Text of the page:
Results

  1. Top of page
  2. Abstract
  3. Introduction
  4. Methods and Procedures
  5. Results
  6. Discussion
  7. ACKNOWLEDGEMENT
  8. DISCLOSURE
  9. References

Participant characteristics

The sample was predominantly female and white. Race/ethnicity was the only demographic characteristic that differed between OW/OB and NW participants; African-Americans were more likely to be overweight and Asians were more likely to be NW (Ps < 0.01) (Table 1).

Table 1.  Participant demographic and anthropometric characteristics
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The effects of social influence on weight status in young adults

Compared to NW, OW/OB young adults reported more overweight social contacts (F (1, 284) = 25.5, P < 0.001, part. η2 = 0.08). OW/OB were more likely to have overweight romantic partners (25% vs. 14%) and overweight best friends (24% vs. 14%). OW/OB participants also had more overweight casual friends and more overweight relatives (Ps ≤ 0.01). However, OW/OB and NW young adults did not differ in number of overweight colleagues and classmates (P = 0.08) (Table 2).

Table 2.  Differences in overweight social contacts and social norms for obesity between normal weight (NW) and overweight/obese (OW/OB) young adults
inline image

Interestingly, social norms for obesity did not differ between OW/OB and NW young adults (F (1, 284) = 0.28, P = 0.60). The two groups were similar in their perceptions of how socially acceptable it is to be overweight, eat unhealthy foods, and be inactive (Table 2).

Mediation analyses testing whether social norms for obesity mediate the relationship between number of overweight social contacts and BMI

Correlation analyses, using composite scores for number of overweight social contacts and social norms for obesity, revealed similar patterns to those reported above. Having more overweight social contacts was associated with higher BMI (r = 0.33, P < 0.001), but BMI was not associated with obesogenic social norms (r = 0.08, P = 0.19). Moreover, the relationship between number of overweight contacts and social norms for obesity was nonsignificant (r = 0.01, P = 0.83). Given these latter findings, mediation analyses were not conducted (26).

The effects of social influence on weight loss intentions in OW/OB young adults

OW/OB young adults reported experiencing social influence for weight loss (social contacts = 1.7 ± 1.1; social norms = 1.9 ± 0.8) and high levels of intention to lose weight (3.4 ± 1.0 out of 4). Moreover, social influence factors were associated with weight loss intentions. Having more social contacts trying to lose weight and having greater social norms for weight loss were both correlated with greater intention to lose weight (r = 0.20, P = 0.02; r = 0.35, P < 0.001). In addition, there was a significant relationship between having more social contacts trying to lose weight and social norms for weight loss (r = 0.26, P = 0.002).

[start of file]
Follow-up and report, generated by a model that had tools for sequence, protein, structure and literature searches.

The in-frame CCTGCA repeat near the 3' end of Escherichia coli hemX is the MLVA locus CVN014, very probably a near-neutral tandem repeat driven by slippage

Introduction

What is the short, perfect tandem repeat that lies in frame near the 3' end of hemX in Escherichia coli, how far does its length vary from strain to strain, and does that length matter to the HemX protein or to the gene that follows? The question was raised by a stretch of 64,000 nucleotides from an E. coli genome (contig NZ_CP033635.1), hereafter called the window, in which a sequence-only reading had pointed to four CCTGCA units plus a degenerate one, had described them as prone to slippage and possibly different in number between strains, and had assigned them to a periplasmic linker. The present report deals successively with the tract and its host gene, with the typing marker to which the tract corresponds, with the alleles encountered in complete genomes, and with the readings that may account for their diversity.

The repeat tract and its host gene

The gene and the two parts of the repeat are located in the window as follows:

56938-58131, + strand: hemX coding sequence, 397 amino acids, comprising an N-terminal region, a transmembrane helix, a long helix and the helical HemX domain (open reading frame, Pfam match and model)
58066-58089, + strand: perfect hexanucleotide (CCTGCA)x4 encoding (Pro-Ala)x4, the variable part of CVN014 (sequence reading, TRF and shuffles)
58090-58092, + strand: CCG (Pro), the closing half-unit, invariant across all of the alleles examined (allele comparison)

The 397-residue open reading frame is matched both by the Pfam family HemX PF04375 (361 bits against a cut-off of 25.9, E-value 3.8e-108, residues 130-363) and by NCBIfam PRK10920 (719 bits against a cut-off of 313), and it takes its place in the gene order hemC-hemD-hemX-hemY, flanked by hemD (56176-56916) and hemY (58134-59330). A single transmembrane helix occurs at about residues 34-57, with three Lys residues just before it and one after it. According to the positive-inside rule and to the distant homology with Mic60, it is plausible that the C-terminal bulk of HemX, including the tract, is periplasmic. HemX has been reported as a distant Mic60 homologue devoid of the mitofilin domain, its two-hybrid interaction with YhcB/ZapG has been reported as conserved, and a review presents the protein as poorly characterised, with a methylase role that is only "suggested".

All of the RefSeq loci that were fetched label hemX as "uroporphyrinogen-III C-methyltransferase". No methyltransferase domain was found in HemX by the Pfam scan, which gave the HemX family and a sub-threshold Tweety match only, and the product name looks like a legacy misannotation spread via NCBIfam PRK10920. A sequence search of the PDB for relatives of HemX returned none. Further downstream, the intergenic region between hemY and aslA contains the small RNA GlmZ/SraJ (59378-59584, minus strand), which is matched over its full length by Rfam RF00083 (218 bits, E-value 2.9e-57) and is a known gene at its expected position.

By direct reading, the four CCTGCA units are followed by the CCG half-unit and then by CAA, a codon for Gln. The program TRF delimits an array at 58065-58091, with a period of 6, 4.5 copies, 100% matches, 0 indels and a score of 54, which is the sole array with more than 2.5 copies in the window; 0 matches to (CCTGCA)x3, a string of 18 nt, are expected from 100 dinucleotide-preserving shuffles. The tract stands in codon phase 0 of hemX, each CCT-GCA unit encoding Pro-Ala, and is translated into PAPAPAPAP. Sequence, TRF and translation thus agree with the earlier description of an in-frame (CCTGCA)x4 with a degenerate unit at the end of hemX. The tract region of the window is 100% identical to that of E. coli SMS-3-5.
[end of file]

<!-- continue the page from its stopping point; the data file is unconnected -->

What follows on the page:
Given this initial set of significant relationships, we examined whether social norms for weight loss mediated the relationship between number of social contacts trying to lose weight and weight loss intentions. When weight loss norms was added into the model, the previously significant relationship between social contacts trying to lose weight and weight loss intentions was no longer significant (β = 0.11, P = 0.17). However, weight loss norms remained a significant predictor of weight loss intentions (β = 0.32, P < 0.001). These findings are consistent with a model in which social norms for weight loss fully mediate the association between having more social contacts trying to lose weight and weight loss intentions among young adults (Figure 1).

image

Figure 1. Social norms for weight loss mediate the relationship between number of social contacts trying to lose weight and the intention to lose weight (*P < 0.01, **P < 0.001).

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Discussion

  1. Top of page
  2. Abstract
  3. Introduction
  4. Methods and Procedures
  5. Results
  6. Discussion
  7. ACKNOWLEDGEMENT
  8. DISCLOSURE
  9. References

This study provides preliminary support that social network factors influence weight status and intention to lose weight among young adults. Our data suggest that obesity “clusters” in this population; OW/OB young adults report more overweight social contacts than NW young adults. However, contrary to our hypothesis, social norms for obesity do not account for the clustering (i.e., social norms did not mediate the relationship between social contacts' weight status and participants' weight status). We also examined whether social influence for weight control affects weight loss intentions among OW/OB young adults; interestingly, we found that having more social contacts trying to lose weight is associated with greater intention to lose weight and that weight control social norms fully mediate this effect.

Our finding suggesting that obesity clusters in young adults is consistent with previous studies demonstrating that adults aged 18–70 who are overweight are more likely to have overweight social contacts (6). Christakis and Fowler found that OW/OB adults have more overweight friends, relatives, and partners but that neighbors' weight status is not associated with participants' weight status. Similarly, our study showed that overweight young adults, aged 18–25, report more overweight friends, relatives, and romantic partners but reported weight status of coworkers or classmates is not associated with participants' weight. Taken together, these findings indicate that for both adults and young adults “psychologically close” social ties (e.g., partners, friends, family) have a greater influence on obesity status than geographically close social ties (e.g., coworkers, neighbors).